We don’t have time for this

Stephen King’s most enduringly popular novel remains “The Stand,” a 1978 vision of a post-apocalyptic world that begins with lab technicians behaving badly in a bioweapons facility. Through a series of clumsy missteps and a bit of bad luck they inadvertently allow a “superflu” pathogen to be unleashed, by way of a frightened guard, that very nearly depopulates the world. King’s book goes on to cause this rump of humanity (all of whom are Americans, of course) to coalesce in two separate cities, one composed of good guys, the other of bad guys, and, voila!, Armageddon is just another two or three hundred pages away!

It is a chilling scenario, lent a bit of verisimilitude these days by Vladimir Putin’s recent binary bioweapons attack on a former Russian agent living in England. But it didn’t happen that way this time. The novel coronavirus is not a novel by Stephen King, and COVID-19 really did originate in the filthy, deplorable, disgusting meat markets of Wuhan, China, exactly as advertised, and not in some arcane black-ops back alley bioweapons lab. We know this for a fact.

And there I would leave it were it not for the ridiculous narrative gaining traction in social media that the novel coronavirus COVID-19 was created deliberately by a Russian or American or Chinese lab, depending on what moron is espousing which stupid theory. But before I proceed to explain why it isn’t so, permit me to say a word or two about conspiracy theories in general.

When a claim that contradicts conventional scientific wisdom, or the expertise of the majority of trained and qualified people who actually know what they are talking about, involves sinister forces of a mysterious nature involving hundreds (or thousands, or tens of thousands) of people possessing the uncanny, supernatural ability to keep a dark secret en masse without a single slip up or leaked email, is espoused by someone on the internet — typically a person of zero qualifications, no imagination and spurious grammatical skills — that is what we mean by a “conspiracy theory.”

It is important that you remember that the burden of proof for such conspiracy theories always (and I do mean ALWAYS) rests with the claimant, 100% of the time. You are under no moral or forensic or logical obligation to refute their claims — ever. And you are free to dismiss their claims without justification, out of hand, with due contempt. Or as Christopher Hitchens put it, “What can be asserted without evidence can also be dismissed without evidence.”

The only reason I’m bothering with this particular claim is it, like COVID-19, has gone viral and is doing a lot of damage, including killing people. We need to get mad and stop listening to this contemptible nonsense. We don’t have time for this kind of crap and we really don’t need the armchair ignorance-poisoned idiots who spread it.

I’m also bringing this to your attention now because it’s only a matter of time before the child-raping moron temporarily usurping the Oval Office will probably, sooner or later, attach himself virus-like to one of these idiot theories, in an attempt to blame the “deep state” for his own ineptitude at handling the current crisis. Forewarned is forearmed.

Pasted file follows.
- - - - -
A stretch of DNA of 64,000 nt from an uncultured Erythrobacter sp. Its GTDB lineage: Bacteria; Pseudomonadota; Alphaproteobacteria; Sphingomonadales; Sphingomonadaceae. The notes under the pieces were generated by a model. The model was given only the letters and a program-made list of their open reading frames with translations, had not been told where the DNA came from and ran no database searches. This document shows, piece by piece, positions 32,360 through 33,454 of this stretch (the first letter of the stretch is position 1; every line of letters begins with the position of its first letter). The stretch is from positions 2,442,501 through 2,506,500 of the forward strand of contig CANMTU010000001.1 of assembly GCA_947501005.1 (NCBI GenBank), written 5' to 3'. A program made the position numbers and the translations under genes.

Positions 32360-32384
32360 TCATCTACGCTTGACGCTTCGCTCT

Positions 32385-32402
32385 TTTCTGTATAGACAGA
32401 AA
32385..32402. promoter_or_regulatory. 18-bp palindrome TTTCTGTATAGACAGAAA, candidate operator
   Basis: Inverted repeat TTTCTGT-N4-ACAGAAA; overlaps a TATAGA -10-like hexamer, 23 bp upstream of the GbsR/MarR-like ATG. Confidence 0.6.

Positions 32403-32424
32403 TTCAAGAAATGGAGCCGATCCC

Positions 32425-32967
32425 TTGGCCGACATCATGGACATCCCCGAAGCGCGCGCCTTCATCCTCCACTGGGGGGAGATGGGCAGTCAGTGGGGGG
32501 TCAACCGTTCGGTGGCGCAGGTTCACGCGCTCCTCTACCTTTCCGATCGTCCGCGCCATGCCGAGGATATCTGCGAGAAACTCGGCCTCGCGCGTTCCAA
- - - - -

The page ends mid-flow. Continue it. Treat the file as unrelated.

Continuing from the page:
The answer comes to us from a scholarly article (“The proximal origin of SARS-CoV-2,” Nature Medicine, March 17, 2020), in which the authors write, “Our analyses clearly show that SARS-CoV-2 [COVID-19] is not a laboratory construct or a purposefully manipulated virus.” The reason? “If someone were seeking to engineer a new coronavirus as a pathogen, they would have constructed it from the backbone of a virus known to cause illness.” In other words, the genetic blueprint for COVID-19 wouldn’t work to start a global pandemic in the first place.

The reason for this is SARS-CoV-2 is very closely related to SARS-CoV, the virus that causes severe acute respiratory syndrome (SARS), which spread across the world two decades ago. But computer simulations suggest that the present mutations in SARS-CoV-2 are poor candidates for binding to human cells. In other words, if some evil genius scientist was going to deliberately engineer a pathogen to start a global pandemic to infect the world, they wouldn’t use this particular bug to do it, just as a team wanting to develop a car to race in the Indianapolis 500 wouldn’t start with a model (e.g., SARS-CoV) that has wheels on it and then proceed to remove those wheels (e.g., SARS-CoV-2). It simply makes no sense.

That SARS-CoV-2 was successful at all at binding to human cells in the lungs comes as a complete shock to scientists and their computer models. It was an example of how nature sometimes outsmarts science. Or, in the words of Jurassic Park’s Dr. Ian Malcolm, “Life found a way.”

If you look at conspiracy theorists long enough you’ll notice that they frequently require that their villains be at once preternaturally brilliant and staggeringly stupid. To get it to work they will smash their square peg with a hammer until it really does fit in their precious little round hole. They will continue to demand that you answer the question, “who benefits?” And if they can ask the question in Latin, so much the better. So don’t be surprised when (not if) they reject the above scientific fact out of hand. Therefore, do yourselves a favor, practice social distancing from such people, keep at least a hundred feet away from them and frequently scrub your hands of their silly ideas with the soap and water of science and reason. And, as ever, ladies and gentlemen, brothers and sisters, comrades and friends, stay safe.

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